The philosophy behind UKCIA has always been to "tell the truth" about cannabis; "telling the truth" of course, means identifying the dangers as much as promoting the benefits. So whereas we do set out to highlight the nature of the cannabis culture, we don't seek to defend every aspect of it.
The first and most controversial issue for us was that of smoking and health. In 2001 UKCIA became the first organisation to run a harm reduction campaign aimed at the safer smoking of cannabis. Called "toke pure" the campaign aims to encourage the use of cannabis without tobacco (70-80 % of cannabis users in the UK smoke it mixed with tobacco). We would like to develop this further.
UKCIA also highlights the fact that cannabis is only a "controlled drug" in law; in reality it is no such thing. The efforts to prevent its use and supply have never been very effective and today the number of tokers runs into millions. It's easy to get in most places, yet as the market is unregulated purchasers have no protection under law and the most vulnerable are at the highest risk from the many dodgy dealers who have little incentive to sell an uncontaminated product in a responsible fashion.
UKCIA supports a regime based on harm reduction, which as well as credible education could involve workable laws including those to regulate the strength and purity of cannabis, perhaps even grading by THC/CBD ratio, license the dealers to enforce safer standards and impose age limits on sales (perhaps 18). None of this is possible under prohibition and the anarchy of the illegal market.
Around the time of reclassification in January 2004, the legitimate warnings of the potential mental health problems were presented as a reason to oppose law reform in much of the media. Because of this they were dismissed by tokers as yet more "reefer madness" - yet more prohibition lies. It was something UKCIA could not ignore though and we set out to find more information. However, information regarding mental health issues is not easy to get, and if we got it, it wasn't easy to understand.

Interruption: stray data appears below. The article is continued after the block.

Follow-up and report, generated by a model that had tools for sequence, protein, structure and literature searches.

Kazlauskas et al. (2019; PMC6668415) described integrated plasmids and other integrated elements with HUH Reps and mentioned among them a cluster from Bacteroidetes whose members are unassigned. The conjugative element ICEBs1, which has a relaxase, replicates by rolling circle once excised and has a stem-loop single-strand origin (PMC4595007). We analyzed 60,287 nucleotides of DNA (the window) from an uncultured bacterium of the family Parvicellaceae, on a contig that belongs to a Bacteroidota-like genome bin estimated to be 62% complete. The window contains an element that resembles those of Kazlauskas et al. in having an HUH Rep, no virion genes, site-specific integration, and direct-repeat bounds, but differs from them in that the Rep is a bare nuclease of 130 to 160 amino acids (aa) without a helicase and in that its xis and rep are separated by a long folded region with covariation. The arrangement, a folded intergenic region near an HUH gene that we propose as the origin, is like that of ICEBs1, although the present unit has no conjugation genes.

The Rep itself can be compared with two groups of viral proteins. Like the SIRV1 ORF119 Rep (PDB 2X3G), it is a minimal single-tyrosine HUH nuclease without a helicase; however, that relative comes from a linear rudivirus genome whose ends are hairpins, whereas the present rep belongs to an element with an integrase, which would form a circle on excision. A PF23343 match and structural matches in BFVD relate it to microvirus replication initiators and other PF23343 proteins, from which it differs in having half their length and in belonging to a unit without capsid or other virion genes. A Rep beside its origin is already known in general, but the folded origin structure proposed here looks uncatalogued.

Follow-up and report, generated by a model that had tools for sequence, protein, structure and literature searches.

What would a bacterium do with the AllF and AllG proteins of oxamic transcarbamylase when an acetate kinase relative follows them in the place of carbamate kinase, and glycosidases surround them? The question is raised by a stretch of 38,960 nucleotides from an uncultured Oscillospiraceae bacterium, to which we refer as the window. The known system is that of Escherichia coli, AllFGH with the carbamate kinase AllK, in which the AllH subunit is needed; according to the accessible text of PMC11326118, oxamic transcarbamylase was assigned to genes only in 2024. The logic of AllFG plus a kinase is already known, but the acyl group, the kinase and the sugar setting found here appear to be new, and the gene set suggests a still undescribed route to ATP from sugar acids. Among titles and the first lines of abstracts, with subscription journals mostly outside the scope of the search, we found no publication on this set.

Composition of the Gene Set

We see our role as one of communicating the information to a section of the population long used to being the target of drug war propaganda and forming a trusted link between users, their friends and families, and sources of expert knowledge or help. We would like to ask for feedback and advice on the information we have on UKCIA. To that end we have set up a discussion mailing list to debate the issue. Please contact us for further information.
Derek is attending the second day of the conference.
the parent of a 22 year old young man who has schizophrenia and was a heavy user
of cannabis at age 15. And in spite of 6 years of strong discouragement from the
mental health services, he still uses it now.
I absolutely support any moves to increase public knowledge about possible risks of cannabis among some people, and in particular protect children.
However there seems to be a significant lack of working with the people who themselves use this drug; harm reduction should of course involve people who do use cannabis. Those who actively campaign for the right to use it are in a unique position to communicate the advice, as they have the ear of tokers.
have been talking with UKCIA and other organisations for the last five months
through the internet, a superb means of communication which is used a great deal